Characterization of Cattle Anal Odour Blend Responsible for Repellency against Rhipicephalus Appendiculatus, the Vector of East Coast Fever
Kariuki, Margaret Wangechi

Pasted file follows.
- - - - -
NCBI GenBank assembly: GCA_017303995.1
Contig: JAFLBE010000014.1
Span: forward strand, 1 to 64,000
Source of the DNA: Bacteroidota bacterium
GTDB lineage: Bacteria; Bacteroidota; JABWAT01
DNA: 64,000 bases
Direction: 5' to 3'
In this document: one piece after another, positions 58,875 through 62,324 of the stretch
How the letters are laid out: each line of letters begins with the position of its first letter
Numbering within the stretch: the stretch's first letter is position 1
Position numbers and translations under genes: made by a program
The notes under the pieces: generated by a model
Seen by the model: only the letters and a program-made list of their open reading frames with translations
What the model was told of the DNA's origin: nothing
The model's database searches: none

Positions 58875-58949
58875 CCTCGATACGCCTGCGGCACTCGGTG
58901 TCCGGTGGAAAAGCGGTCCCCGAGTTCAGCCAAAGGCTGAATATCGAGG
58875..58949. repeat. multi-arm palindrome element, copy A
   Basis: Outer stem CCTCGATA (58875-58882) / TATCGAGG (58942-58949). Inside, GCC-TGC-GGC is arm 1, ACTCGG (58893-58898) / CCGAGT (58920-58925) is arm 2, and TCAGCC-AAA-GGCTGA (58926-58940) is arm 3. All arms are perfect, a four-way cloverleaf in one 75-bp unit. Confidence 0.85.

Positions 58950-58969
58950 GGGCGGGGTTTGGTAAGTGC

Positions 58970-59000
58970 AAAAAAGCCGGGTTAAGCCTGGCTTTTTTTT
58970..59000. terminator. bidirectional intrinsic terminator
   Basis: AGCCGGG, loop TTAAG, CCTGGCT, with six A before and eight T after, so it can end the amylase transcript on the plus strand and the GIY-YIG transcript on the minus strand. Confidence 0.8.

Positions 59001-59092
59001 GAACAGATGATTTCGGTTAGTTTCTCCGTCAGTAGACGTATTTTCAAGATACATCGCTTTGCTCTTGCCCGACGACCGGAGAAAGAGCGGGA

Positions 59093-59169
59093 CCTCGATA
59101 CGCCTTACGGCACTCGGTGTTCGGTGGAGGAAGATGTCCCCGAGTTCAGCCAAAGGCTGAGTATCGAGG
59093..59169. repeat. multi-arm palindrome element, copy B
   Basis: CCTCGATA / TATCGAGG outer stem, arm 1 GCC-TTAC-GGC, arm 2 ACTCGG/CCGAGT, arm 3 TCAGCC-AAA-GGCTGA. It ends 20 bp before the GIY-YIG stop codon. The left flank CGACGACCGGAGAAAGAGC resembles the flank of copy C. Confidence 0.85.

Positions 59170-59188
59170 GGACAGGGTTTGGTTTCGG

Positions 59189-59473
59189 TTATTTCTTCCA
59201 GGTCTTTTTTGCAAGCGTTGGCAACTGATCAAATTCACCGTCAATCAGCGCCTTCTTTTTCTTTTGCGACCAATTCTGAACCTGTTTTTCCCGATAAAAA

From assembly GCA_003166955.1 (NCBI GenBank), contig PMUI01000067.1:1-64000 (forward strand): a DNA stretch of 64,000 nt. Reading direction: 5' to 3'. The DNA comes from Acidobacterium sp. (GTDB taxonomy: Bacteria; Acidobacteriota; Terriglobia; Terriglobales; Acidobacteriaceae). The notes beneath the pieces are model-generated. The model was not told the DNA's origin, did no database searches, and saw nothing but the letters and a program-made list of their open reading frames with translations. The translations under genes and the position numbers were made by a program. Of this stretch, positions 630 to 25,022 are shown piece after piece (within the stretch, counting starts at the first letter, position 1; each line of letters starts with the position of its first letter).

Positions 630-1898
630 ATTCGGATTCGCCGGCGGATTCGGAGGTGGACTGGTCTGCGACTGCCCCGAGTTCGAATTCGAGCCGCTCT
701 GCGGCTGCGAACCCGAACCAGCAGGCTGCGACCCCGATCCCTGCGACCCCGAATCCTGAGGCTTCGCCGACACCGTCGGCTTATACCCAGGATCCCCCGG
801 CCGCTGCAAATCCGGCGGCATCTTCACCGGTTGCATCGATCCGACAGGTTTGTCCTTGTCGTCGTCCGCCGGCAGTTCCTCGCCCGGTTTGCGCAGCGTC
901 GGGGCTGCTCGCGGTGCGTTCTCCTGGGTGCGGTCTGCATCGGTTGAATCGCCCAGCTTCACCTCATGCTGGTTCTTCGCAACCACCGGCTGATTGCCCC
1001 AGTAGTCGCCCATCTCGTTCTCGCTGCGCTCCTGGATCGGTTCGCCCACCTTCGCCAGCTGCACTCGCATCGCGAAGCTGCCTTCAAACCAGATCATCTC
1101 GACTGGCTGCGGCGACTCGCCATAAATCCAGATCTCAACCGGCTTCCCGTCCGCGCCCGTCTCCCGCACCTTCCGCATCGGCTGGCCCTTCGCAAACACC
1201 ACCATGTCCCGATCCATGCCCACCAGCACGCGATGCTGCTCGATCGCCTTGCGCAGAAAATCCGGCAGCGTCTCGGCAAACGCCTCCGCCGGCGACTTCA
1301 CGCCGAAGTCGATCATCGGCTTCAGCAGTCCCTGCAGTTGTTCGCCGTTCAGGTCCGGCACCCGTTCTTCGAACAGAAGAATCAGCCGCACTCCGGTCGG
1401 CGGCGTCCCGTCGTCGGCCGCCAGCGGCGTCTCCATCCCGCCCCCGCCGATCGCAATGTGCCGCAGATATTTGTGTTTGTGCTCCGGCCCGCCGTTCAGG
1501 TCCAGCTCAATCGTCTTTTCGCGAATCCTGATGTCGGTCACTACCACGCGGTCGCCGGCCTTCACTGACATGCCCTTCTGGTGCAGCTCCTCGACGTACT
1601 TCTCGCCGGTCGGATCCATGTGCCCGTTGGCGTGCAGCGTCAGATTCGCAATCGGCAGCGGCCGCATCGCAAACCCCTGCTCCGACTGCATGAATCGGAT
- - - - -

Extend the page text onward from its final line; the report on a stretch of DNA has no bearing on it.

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East Coast fever (ECF) is one of the most devastating livestock diseases in east, central and southern Africa, and remains the major health hindrance to the development and improvement of the livestock industry. Although synthetic chemical acaricides have made a tremendous impact over the years in the control and management of the vectors on livestock, ticks have developed resistance to most of them In addition, these chemicals are toxic to non-target organisms. Previous on-host behavior studies of adult R. appendiculatus showed preference to feed mainly inside and around the ear of their hosts. Combination of a repellent blend from the anal region and attractive blend at the ear has been sho-wn to play natural "push" and "pull" roles, respectively, to guide these ticks to the cattle ears. The present study aimed at characterizing and evaluating the constituents and blend in cattle anal odour responsible for repelling adults of brown ear tick. The anal odours, and for comparison, odours emanating from fresh dung were analyzed by gas chromatography-linked mass spectrometry (GC-MS). The individual constituents were identified by comparing their mass spectra with those in the National Institute of Standards and Technology (NIST) libraries. The major constituents of the anal odour were diisobutylphthalate (41.27%), o-xylene (9.2%), 4-hydroxy-4-methyl-2- pentanone (4.6%), 4-methyl-2-methoxyphenol (4.3%), ethyl benzene (2.7%), 2,6,6- trimethyl-[IS(la,~,5a)]bicycloheptanes (0.6%), 5-ethoxydihydro-2(3H)-furanone (0.5%), 3-methylene-2-pentanone, (0.5%), 5-methyl-2-phenyl-1H-indole (0.4%), and 3-pentanone (0.2%). Three compounds namely 4-hydroxy-4-methyl-2-pentanone, N- (3-methyl-l-oxobutyl)-alanine methyl ester and 2,4-dimethyl-benzo[h ]quinoline) were common in both anal and dung odours. The repellency of odours, selected constituents, blends and DEET was evaluated using two choice climbing assay. The anal and fresh dung odour had comparable repellence (RD50 2.7 and 2.9, respectively). Of the individual compounds tested, 4-methyl-2-methoxyphenol was found to be most repellent (RD75 =0.56) while 3-pentanone was least active (RD75 = 622.7). The two blends evaluated were more repellent than the anal and dung odours. One of the blends (made up of 4-methyl-2-methoxyphenol, 3-pentanone, 3-methyl-2- pentanone, and 4-hydroxy-4-methyl-2-pentanone) tested gave RD75 of 0.032. The other blend (without 3-pentanone) was more repellent (RD75= 0.019; P ::S 0.05, SNK). In addition, of the analogues tested, 2,4-dimethylphenol was most repellent (RD75= 0.0089) while 3,4-methylenedioxytoluene was inactive. The study lays down the groundwork for characterizing compounds and/or blends with potent repellence against the Brown Ear Tick on cattle.